We are rootless again and it feels so very, very good.
Plans include a month or so cruising before a major (planned this time) haul out including pulling out the mast.
"I had grown accustomed to life being interesting and adventure ridden and, rather childishly, I refused to believe that this must necessarily come to an end and that the rest of my life should be a sort of penance for all the reckless, irresponsible, and immensely fun things I'd done before."
"I was simply restless, quite likely because of a dissatisfaction with the recent trajectory of my life, and if there is a better, more compelling reason for dropping everything and moving to the end of the world, I know not what it is."Love it.
Recently we’ve had another set of meetings with people we met via our blog or theirs.
We had Carol & Lance from SV Syrah over for drinks while in Victoria as they were making plans to move their new boat.
While at the Seattle Yacht Club in Lake Union, Bob & Jane from SV Eolian (and also the great site Small Boat Projects) came over with a bottle in hand for a session where we tried to get stories out of them and Bob managed to always turn the tables and get us yammering on again. Next time, you’re in trouble Bob!
And finally, we hung out with Aaron & Nicole, some likeminded sailors on the similar sized yet opposite-to-us boat SV Bella Star who very kindly helped us out with a bottle of home brew that my brother gave us (in this case, you’re in trouble Josh!).
Cheers to new friends and to fun people aboard ships passing in the night!
REMEMBER HAUL OUT MONDAY?
This post refers to events of a little over two weeks ago at the beginning of our Puget Sound trip. Uninterested in beating in high winds, our first day of our winter sail was spent staying at the dock in Victoria. On the second day we crossed to Port Angeles on a gorgeous sail that turned into a completely flat calm stretch right around Port Angeles. Nothing like bobbing around in zero wind during a gale warning. We cleared customs in Port Angeles where they took our Kirkland brand Costco lamb from Australia (sigh) but then, in a stroke of customs good fortune, the extremely nice agent went to his car, called his produce specialist, OKd the lamb and ran back down to the fuel dock before we left to return that expensive piece of meat to us.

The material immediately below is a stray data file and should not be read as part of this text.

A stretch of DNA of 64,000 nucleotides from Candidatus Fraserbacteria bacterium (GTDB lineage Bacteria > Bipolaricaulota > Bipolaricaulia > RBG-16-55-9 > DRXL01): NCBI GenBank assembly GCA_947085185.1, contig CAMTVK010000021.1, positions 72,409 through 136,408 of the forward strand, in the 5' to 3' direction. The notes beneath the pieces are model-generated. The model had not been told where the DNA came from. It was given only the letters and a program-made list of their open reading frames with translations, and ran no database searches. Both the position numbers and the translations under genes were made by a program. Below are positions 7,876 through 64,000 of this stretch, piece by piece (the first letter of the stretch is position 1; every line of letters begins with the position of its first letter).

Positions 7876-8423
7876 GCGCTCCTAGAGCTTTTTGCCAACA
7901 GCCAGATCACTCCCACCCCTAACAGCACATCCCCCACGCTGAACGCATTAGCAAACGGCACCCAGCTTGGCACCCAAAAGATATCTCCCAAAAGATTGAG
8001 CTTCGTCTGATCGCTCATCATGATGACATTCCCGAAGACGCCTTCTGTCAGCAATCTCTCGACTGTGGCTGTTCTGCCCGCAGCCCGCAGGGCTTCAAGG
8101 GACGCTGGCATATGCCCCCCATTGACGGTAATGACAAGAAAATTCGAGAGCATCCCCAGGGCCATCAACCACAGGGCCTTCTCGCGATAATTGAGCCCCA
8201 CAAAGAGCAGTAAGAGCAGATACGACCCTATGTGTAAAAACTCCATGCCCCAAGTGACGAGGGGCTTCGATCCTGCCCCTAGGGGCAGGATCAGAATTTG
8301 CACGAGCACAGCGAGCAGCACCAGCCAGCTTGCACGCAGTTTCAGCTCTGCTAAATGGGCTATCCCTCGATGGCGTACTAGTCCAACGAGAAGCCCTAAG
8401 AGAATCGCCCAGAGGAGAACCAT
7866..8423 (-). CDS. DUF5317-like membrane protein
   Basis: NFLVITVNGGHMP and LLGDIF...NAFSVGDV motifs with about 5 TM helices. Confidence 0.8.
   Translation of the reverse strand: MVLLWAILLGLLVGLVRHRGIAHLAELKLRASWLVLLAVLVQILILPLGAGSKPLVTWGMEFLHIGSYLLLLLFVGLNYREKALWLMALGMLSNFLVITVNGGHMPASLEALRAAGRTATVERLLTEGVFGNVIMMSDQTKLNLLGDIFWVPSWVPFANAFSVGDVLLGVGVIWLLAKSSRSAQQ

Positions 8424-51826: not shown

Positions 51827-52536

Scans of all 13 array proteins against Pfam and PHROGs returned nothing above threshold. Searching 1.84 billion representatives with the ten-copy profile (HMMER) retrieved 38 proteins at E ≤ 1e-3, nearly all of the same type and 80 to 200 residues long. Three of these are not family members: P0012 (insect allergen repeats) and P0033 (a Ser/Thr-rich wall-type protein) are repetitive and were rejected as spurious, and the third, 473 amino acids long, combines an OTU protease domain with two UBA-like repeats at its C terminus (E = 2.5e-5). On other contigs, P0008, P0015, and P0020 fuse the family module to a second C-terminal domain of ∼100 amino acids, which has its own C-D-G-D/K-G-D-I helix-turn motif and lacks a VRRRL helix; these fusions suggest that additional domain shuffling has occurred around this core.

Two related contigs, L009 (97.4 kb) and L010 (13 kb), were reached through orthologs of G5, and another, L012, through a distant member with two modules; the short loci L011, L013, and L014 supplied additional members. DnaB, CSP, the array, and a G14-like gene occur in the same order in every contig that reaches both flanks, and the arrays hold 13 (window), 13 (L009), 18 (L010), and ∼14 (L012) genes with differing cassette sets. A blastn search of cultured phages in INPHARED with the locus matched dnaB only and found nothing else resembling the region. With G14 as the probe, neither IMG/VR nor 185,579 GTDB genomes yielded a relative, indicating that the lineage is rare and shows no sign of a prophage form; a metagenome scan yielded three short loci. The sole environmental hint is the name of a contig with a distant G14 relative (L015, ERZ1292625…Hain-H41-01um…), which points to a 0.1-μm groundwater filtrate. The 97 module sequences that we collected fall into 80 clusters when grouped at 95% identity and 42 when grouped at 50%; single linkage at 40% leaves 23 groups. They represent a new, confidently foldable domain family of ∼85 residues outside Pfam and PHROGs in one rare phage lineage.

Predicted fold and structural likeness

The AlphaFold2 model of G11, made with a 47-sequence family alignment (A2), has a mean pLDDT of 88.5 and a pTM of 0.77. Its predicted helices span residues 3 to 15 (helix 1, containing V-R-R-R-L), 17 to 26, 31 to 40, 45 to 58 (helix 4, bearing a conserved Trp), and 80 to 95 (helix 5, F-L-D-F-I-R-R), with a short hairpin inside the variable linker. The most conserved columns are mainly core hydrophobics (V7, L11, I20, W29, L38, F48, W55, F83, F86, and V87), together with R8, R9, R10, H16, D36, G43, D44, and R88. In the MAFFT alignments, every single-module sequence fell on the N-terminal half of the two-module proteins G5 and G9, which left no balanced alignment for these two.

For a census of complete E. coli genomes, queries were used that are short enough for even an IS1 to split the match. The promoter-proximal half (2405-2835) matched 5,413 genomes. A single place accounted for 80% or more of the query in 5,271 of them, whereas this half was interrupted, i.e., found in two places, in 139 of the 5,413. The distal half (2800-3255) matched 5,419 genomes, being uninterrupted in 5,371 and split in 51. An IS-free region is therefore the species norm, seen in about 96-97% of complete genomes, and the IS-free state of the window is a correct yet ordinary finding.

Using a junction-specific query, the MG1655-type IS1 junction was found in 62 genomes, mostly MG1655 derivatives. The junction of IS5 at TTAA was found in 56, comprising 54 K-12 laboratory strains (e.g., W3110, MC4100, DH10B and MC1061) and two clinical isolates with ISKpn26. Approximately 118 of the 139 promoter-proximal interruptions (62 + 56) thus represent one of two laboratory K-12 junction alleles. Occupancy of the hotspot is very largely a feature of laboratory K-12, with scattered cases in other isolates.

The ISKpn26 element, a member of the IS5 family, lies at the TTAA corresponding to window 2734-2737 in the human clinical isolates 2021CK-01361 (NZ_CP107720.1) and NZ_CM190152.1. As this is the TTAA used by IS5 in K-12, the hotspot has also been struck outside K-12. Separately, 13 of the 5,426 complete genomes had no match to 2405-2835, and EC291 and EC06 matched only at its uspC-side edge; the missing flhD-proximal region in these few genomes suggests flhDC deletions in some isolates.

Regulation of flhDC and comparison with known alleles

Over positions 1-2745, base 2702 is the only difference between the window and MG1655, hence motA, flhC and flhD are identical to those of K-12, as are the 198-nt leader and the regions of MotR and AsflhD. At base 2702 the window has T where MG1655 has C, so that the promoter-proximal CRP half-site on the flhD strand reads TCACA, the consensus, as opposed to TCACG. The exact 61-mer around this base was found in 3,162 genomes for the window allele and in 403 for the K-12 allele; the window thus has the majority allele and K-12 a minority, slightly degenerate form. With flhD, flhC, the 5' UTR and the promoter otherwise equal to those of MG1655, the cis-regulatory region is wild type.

We continued on to Port Townsend and shortly after leaving we were able to sail again. Although we were beating into the wind, we sailed all of the way onto our anchor just off the town intending to move South in the morning.
That is the good news. The bad news is that during the sail, our bilge pump went off again, for the same reason as before. The damn hose clamp slipped again. Yes, we are replacing both the rubber boots and all 4 hose clamps ASAP. We emptied the entire starboard lazarette, Carol climbed inside and I accessed the engine from the interior. We did the same thorough, repeated flushing of the coolant system, and replaced the heat exchanger with the new one just in case, all while bobbing around at anchor.
It turns out that we are quite good at those tasks now and although we were exhausted from a 12 hour day of sailing we took the time after flushing, while we were carefully cleaning up any coolant and sea water residue, to do a thorough engine check.